|Units or mass||1U|
|Status||Operational? (Reports on SatNOGS and Twitter as of 2023-04-27)|
|Deployer||NRCSD (NanoRacks CubeSat Deployer) [Quad-M]|
|Launcher||Falcon 9 (CRS-27) (ELaNa 50)|
|Deployment||Deployed from ISS on 2023-04-23|
|Organisation||Arizona State University|
|Entity||Academic / Education|
|Launch brokerer||NASA CSLI / ELaNa|
|Partners||Vega Space Systems, Mexico’s CETYS Universidad|
Education mission to allow a CubeSat in to be easily operable by general public and produce a light visible to the naked eye of observers on Earth.
Education mission to allow a CubeSat in low-Earth orbit (LEO) to be easily operable by members of the general public. The LightCube CubeSat will provide a platform that increases the number of individuals who can participate in space activities. Specifically, anyone with appropriate amateur radio licensing within their jurisdiction and commercial radio equipment available for purchase for less than fifty dollars will be able to telecommand LightCube. The LightCube CubeSat will respond with a flash visible to the naked eye of the commander. In the process of operating LightCube, the user will inevitably learn important science, technology, engineering, and math (STEM) concepts in areas such as telecommunications, spacecraft design, atmospheric and climate science, and orbital mechanics.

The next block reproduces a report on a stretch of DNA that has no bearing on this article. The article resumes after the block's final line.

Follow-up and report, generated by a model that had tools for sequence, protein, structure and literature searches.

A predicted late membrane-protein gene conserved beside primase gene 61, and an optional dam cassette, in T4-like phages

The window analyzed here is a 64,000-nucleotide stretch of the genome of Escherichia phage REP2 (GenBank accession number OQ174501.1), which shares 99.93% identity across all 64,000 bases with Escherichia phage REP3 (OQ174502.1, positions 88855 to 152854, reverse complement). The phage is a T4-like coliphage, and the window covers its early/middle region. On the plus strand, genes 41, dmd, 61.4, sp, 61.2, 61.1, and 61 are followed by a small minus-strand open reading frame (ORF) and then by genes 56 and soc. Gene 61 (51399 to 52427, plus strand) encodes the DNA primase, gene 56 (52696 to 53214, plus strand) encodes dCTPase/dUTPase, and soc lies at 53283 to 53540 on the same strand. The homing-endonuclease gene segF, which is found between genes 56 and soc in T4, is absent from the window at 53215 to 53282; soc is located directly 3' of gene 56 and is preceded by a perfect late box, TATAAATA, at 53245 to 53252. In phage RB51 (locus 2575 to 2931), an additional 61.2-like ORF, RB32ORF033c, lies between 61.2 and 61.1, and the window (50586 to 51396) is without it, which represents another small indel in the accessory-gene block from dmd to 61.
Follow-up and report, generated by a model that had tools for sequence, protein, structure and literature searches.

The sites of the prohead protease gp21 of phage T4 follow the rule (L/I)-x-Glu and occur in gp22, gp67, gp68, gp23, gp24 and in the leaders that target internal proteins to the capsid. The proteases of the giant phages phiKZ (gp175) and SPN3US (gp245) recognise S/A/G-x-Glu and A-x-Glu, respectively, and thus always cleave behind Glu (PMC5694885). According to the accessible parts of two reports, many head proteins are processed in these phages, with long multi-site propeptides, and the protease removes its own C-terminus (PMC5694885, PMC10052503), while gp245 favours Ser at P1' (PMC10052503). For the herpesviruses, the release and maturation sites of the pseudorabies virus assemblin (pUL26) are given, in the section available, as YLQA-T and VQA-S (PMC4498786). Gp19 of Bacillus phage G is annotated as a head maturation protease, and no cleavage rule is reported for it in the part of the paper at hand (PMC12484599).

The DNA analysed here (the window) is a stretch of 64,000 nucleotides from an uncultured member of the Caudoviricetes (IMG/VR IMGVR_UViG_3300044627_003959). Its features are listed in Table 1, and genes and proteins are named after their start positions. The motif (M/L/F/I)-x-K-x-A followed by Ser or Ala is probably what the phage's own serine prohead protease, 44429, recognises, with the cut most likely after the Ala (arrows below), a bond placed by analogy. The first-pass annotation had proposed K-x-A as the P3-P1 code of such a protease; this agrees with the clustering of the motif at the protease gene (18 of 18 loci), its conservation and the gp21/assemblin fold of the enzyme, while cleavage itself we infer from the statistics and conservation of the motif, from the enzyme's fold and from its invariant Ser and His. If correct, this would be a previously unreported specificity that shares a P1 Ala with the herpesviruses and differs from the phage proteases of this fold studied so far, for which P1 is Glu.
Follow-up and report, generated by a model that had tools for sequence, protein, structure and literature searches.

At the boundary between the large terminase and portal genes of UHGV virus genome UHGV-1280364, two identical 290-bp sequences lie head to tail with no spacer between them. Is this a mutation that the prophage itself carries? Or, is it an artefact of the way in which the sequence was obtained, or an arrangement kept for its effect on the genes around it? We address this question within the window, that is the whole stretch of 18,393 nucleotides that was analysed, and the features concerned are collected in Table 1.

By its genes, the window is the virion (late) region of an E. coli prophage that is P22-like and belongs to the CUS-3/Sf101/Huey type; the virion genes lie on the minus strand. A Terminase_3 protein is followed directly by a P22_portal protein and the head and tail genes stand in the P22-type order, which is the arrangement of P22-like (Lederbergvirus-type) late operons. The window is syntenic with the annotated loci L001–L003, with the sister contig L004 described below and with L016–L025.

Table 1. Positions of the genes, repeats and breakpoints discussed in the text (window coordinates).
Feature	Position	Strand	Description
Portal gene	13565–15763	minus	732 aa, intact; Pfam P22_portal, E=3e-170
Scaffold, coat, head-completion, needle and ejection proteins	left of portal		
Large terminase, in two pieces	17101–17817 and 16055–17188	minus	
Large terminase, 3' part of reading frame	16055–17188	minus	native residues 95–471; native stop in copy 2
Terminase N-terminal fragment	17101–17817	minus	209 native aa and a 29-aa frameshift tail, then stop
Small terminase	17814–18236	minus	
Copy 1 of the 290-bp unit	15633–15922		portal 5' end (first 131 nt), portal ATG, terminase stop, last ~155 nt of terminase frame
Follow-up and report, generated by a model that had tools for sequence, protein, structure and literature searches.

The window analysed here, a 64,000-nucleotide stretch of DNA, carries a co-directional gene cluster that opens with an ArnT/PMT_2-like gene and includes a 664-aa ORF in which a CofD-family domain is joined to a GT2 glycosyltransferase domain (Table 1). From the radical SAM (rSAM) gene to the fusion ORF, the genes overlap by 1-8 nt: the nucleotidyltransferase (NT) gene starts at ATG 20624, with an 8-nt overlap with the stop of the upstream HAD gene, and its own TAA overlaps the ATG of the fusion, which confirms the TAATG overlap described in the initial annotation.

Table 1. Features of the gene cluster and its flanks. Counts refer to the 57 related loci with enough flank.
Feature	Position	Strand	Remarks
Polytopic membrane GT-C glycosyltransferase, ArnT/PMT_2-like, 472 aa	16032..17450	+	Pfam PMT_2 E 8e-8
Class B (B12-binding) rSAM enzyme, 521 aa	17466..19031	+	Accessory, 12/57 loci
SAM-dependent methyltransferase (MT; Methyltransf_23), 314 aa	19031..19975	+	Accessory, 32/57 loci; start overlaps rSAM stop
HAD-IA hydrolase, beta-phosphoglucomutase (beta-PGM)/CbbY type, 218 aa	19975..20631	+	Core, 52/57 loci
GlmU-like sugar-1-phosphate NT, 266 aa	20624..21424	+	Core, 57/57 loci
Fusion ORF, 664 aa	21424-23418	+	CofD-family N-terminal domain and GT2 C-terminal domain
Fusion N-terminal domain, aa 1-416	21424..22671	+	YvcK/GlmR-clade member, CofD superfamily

LightCube, a 1U CubeSat developed by Arizona State University, Tempe, in collaboration with Vega Space Systems and Mexico’s CETYS Universidad, features a flash bulb that can be controlled remotely by amateur radio operators on Earth who will be able to activate the satellite to produce a brief flash visible from the ground.
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